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A Paper, entitled



The Exceptions of the Bishop of Cork's Testimony.



Published in the Year 1698.




Ir was the wise counsel of an ancient and grave prelate of the kingdom of Ireland, at a late visit I made him there, to discourage controversy, and endeavour to abate strife among Christians: For,' said he, heaven is a quiet place; there are no quarrels there, and religion is an holy and peaceable thing, and excites to piety and charity, and not to genealogies, strife, and debates.' But the bishop of Cork seems to be of another mind, that could not pass by so inoffensive a paper, as that, styled, Gospel Truths,' (given him by me, in a private way, at a friendly visit upon his own desire) without his public animadversion: and those expressed not with so much justice and charity, as might have been expected from him to his dissenting neighbours.


I am, I confess, very sorry my Christian visits to the bishop have met with no better returns than controversy: but because that is his, and not my fault, it shall be my satifaction.

I did, indeed, perceiving him conversant in our writings, and his character to be moderation, casually present him with one of those papers; but as the nature of it is far from provocation, so my design in it was purely to improve his


temper, and not to excite his contradiction. Nor was it writ for an exact and complete account of our belief,' but occasionally to prevent the prejudices that the attempts of a coarse and scurrilous pen at Dublin, just before, might provoke in some against us, as to the points touched upon in the Gospel Truths.' And though we have been so unhappy as to be therein mistaken by the bishop, yet it is some comfort to us, that our Christian declaration hath had quite another reception with the generality of those to whose hands it has come and I heartily wish that hath not been the most prevailing motive to his undertaking. However, since he has been pleased to fault it both with shortness and error, the first of which we thought healing, or least inoffensive, I esteem myself answerable for it, and shall, with God's assistance, defend it against the force of his exceptions, and I hope, with clearness and temper: for though I may be plain, as he must expect, I desire to be neither rude nor bitter.

I ask, reader, but the common justice due to all authors, especially in controverted points of religion, to wit, attention and impartiality; and then judge whether our pacific paper deserved so sharp a censure, and the manner of its being given him, so public a return: though I hope the consequence will be good. To Almighty God I leave the success, and am, in all Christian obligation,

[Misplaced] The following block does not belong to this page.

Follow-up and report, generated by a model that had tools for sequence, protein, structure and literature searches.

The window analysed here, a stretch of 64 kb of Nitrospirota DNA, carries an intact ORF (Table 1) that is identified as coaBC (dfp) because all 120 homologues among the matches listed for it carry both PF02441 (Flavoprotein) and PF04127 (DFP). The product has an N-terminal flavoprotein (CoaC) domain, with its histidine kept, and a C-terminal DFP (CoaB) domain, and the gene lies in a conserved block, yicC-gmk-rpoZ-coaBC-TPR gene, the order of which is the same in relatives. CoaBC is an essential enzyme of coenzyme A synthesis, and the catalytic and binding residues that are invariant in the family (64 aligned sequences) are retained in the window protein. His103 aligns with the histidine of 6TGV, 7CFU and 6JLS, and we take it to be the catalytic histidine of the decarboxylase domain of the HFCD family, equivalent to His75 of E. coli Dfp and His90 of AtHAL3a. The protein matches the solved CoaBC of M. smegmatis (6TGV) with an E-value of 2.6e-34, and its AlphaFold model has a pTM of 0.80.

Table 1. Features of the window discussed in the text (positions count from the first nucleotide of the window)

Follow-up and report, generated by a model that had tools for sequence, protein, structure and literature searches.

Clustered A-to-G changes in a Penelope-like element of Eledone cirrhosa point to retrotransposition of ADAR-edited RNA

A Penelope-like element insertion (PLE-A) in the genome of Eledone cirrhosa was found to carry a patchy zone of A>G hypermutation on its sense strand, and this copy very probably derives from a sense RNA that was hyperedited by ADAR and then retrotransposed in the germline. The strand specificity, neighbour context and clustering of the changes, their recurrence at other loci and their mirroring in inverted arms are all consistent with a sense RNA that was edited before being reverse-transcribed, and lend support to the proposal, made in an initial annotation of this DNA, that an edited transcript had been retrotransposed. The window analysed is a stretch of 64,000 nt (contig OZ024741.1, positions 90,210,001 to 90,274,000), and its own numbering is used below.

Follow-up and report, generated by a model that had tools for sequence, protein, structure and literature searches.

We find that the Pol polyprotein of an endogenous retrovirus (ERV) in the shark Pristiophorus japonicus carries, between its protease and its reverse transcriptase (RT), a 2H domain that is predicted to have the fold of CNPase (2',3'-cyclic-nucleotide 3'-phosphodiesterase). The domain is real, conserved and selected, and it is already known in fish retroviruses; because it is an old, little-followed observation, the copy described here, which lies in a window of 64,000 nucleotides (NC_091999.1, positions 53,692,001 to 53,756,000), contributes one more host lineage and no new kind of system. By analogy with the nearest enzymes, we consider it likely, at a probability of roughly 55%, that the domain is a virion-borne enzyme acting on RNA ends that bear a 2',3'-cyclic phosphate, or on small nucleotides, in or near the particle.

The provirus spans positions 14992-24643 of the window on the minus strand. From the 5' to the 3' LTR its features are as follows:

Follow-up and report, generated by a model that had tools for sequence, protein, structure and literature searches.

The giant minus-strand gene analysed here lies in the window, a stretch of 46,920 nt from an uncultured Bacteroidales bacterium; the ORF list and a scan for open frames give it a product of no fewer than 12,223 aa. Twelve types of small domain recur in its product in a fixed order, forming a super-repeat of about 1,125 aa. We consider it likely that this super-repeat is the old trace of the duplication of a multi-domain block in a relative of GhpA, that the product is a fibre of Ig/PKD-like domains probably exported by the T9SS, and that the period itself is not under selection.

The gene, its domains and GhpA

Thy real friend,

Bristol, the 23rd of the 7th month, 1698.


The Paper was as follows.

Sober Reader,

If thou hadst rather we should be in the right than in the wrong; and if thou thinkest it but a reasonable thing that we should be heard before we are condemned, and that our belief ought to be taken from our own mouths, and not at theirs that have prejudged our cause; then we entreat thee to read and weigh the following brief account of those things that are chiefly received and professed among us, the people called Quakers, according to the testimony of the scriptures of truth, and the illumination of the Holy Ghost, which are

the double and agreeing record of true religion: published to inform the moderate enquirer, and reclaim the prejudiced to a better temper; which God grant, to his glory, and their


I. It is our belief, that God is, and that he is a rewarder of all them that fear him, with eternal rewards of happiness; and that those that fear him not, shall be turned into hell, Heb. xi. 16. Rev. xxii. 12. Rom. ii. 5, 6, 7, 8. Psalm ix. 17.

II. That there are three that bear record in heaven; the Father, the Word, and the Spirit; and these three are really one, 1 John v. 7.

III. That the Word was made flesh, and dwelt among men, and was, and is, the only-begotten of the Father, full of grace and truth, his beloved Son, in whom he is wellpleased, and whom we are to hear in all things; who tasted death for every man, and died for sin, that we might die to sin, and by his power and Spirit be raised up to newness of life here, and to glory hereafter, John i. 14. Mat. iii. 17. Heb. ii. 9.


IV. That as we are only justified from the guilt of sin, by Christ, the propitiation, and not by works of righteousness that we have done; so there is an absolute necessity that we receive and obey, to unfeigned repentance, and amendment of life, the holy Light and Spirit of Jesus Christ, in order to obtain that remission and justification from sin since no man can be justified by Christ, who walks not after the Spirit, but after the flesh; for whom he sanctifies, them he also justifies and if we walk in the light, as he is light, his precious blood cleanseth us from all sin; as well from the pollution as guilt of sin, Rom, iii. 22 to 26. chap. viii. 1, 2, 3, 4. 1 John v. 7.

V. That Christ is the great light of the world, that lighteth every man that cometh into the world, and is full of grace and truth, and giveth to all light for light, and grace for grace; and by his light and grace he inwardly appears to man, and teaches such as will be taught by him, that denying ungodliness and worldly lusts, they should live soberly, righteously, and godly in this present world, John viii. 12. chap. i. 9, 14. Tit. ii. 11, 12.